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dc.contributor.advisor McDowell, John H. en
dc.contributor.author Schmadel, Fredericka Ann en
dc.date.accessioned 2014-06-16T21:12:35Z en
dc.date.available 2014-06-16T21:12:35Z en
dc.date.issued 2014-05 en
dc.date.submitted 2014 en
dc.identifier.uri http://hdl.handle.net/2022/18381 en
dc.description Thesis (Ph.D.) - Indiana University, Folklore and Ethnomusicology, 2014 en
dc.description.abstract Worldview, myth, and the 1960's come together in a song, ritual, and legend corpus preserved in oral transmission, central to an Indiana Girl Scout camp's cultural production. As Levi-Strauss disciple Lee Drummond would term it, Camp Henry F. Koch formed the identities of a dozen or more successful women still in supportive contact fifty years later. Primitive camping as wilderness therapy moved the camp community into communion with the Goddess Natura. Arriving solo, for unit-based camping, each camper assumed the role of Vladimir Propp's mission-centered folktale heroine. The role of supernatural gift-giver, such as Baba Yaga, was the counselors' to play. A traditional camp song, "Magalena Hagalena," typifies the residual force -- archetype in the Jungian sense -- that elevated and ennobled the social and emotional lives of adolescent girls. One of them reported liberation from something resembling Asperger's syndrome. en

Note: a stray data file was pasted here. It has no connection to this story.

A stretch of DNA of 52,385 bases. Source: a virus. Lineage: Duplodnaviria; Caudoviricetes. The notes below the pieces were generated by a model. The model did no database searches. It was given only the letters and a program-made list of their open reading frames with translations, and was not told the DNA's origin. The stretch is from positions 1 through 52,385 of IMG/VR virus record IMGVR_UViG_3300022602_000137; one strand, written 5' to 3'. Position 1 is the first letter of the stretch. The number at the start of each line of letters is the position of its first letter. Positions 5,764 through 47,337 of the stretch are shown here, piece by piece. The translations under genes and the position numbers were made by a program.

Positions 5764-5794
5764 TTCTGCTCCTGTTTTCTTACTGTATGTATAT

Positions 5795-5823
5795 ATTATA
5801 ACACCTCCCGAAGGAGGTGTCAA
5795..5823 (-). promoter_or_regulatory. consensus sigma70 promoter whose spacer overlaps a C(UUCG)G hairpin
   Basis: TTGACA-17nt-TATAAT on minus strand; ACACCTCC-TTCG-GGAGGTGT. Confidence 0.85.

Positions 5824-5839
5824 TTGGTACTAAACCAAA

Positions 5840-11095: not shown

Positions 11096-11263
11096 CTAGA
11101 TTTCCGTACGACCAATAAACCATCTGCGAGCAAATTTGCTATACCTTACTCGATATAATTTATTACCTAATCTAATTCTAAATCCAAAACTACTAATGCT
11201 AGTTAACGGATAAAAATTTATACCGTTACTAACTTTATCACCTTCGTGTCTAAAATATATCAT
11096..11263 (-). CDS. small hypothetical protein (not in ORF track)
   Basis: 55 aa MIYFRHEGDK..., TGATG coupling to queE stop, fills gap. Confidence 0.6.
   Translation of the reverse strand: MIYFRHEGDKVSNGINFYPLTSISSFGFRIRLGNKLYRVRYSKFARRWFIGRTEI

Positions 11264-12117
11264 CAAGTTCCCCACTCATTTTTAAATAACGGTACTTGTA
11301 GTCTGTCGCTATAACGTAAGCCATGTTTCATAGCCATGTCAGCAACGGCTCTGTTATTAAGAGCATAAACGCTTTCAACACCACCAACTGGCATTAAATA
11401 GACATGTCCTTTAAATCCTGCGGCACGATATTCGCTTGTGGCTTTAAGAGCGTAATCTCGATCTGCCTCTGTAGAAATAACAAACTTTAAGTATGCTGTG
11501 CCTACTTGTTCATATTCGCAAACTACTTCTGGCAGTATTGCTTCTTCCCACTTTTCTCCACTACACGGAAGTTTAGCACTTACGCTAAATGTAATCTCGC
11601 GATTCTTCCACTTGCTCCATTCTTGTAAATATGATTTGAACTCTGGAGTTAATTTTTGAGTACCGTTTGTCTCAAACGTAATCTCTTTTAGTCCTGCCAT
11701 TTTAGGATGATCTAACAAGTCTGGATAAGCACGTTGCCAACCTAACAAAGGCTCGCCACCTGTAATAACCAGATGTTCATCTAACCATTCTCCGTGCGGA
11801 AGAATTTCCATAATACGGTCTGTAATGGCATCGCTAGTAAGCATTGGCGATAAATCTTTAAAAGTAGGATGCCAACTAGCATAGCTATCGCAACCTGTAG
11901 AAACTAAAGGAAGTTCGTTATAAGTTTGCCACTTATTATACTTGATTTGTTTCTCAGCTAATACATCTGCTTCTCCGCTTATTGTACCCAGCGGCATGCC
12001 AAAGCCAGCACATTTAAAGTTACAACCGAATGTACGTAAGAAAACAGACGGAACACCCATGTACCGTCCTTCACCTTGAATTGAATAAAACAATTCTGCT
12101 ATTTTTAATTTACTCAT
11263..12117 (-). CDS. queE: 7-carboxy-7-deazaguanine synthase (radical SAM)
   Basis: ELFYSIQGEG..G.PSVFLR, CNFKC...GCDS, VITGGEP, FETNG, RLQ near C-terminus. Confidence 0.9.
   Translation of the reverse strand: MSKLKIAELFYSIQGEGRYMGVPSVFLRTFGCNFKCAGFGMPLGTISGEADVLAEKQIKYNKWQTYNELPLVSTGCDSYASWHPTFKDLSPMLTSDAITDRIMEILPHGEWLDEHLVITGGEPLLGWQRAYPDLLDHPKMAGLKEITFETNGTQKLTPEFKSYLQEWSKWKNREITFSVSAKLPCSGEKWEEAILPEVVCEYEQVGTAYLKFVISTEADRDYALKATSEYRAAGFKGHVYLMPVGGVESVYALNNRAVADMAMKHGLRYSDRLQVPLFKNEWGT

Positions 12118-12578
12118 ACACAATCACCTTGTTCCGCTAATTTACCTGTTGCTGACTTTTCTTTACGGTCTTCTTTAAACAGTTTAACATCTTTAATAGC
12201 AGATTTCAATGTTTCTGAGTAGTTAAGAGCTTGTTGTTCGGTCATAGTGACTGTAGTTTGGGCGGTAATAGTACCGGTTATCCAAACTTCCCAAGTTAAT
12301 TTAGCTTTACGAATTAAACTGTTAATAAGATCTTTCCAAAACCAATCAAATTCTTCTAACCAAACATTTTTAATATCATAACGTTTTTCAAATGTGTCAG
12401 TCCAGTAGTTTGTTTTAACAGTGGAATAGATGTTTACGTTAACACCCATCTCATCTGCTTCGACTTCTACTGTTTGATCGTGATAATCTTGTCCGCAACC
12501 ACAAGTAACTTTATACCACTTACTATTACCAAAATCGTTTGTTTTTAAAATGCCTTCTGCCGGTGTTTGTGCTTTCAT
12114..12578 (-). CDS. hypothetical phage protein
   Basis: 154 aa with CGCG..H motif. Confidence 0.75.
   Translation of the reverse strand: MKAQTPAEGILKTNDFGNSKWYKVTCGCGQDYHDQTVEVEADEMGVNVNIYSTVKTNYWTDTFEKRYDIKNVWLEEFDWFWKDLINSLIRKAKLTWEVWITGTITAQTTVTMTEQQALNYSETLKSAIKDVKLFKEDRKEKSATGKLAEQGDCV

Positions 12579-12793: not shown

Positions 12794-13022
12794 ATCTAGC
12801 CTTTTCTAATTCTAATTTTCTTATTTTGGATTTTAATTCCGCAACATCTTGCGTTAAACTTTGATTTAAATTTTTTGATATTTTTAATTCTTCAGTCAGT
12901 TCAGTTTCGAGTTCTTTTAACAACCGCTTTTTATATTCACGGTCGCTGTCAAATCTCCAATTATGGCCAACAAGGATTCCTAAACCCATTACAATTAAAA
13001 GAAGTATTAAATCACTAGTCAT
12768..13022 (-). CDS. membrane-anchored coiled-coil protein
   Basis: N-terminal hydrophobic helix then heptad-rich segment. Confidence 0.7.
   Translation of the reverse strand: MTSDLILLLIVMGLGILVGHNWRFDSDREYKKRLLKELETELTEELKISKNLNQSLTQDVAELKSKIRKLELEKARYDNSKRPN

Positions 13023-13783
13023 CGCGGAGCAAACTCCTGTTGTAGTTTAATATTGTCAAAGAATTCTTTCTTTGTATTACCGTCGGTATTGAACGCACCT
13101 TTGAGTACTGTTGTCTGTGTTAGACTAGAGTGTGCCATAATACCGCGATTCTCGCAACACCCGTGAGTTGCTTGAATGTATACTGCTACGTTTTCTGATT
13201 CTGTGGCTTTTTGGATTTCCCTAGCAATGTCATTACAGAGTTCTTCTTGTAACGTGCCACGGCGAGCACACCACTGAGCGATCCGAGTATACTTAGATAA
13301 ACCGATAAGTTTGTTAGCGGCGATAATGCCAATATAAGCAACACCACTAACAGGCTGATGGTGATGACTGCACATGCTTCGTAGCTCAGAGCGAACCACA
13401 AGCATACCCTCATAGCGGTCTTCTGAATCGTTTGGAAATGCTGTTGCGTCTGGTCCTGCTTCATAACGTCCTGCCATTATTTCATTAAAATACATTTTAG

dc.language.iso en en
dc.publisher [Bloomington, Ind.] : Indiana University en
dc.subject folktale en
dc.subject myth en
dc.subject nature mysticism en
dc.subject outdoor education en
dc.subject space and place en
dc.subject wilderness therapy en
dc.subject.classification Folklore en
dc.subject.classification American studies en
dc.subject.classification Women's studies en
dc.title GODDESS IN THE GREENWOOD: THe GIRLS OF CAMP KOCH en
dc.type Doctoral Dissertation en


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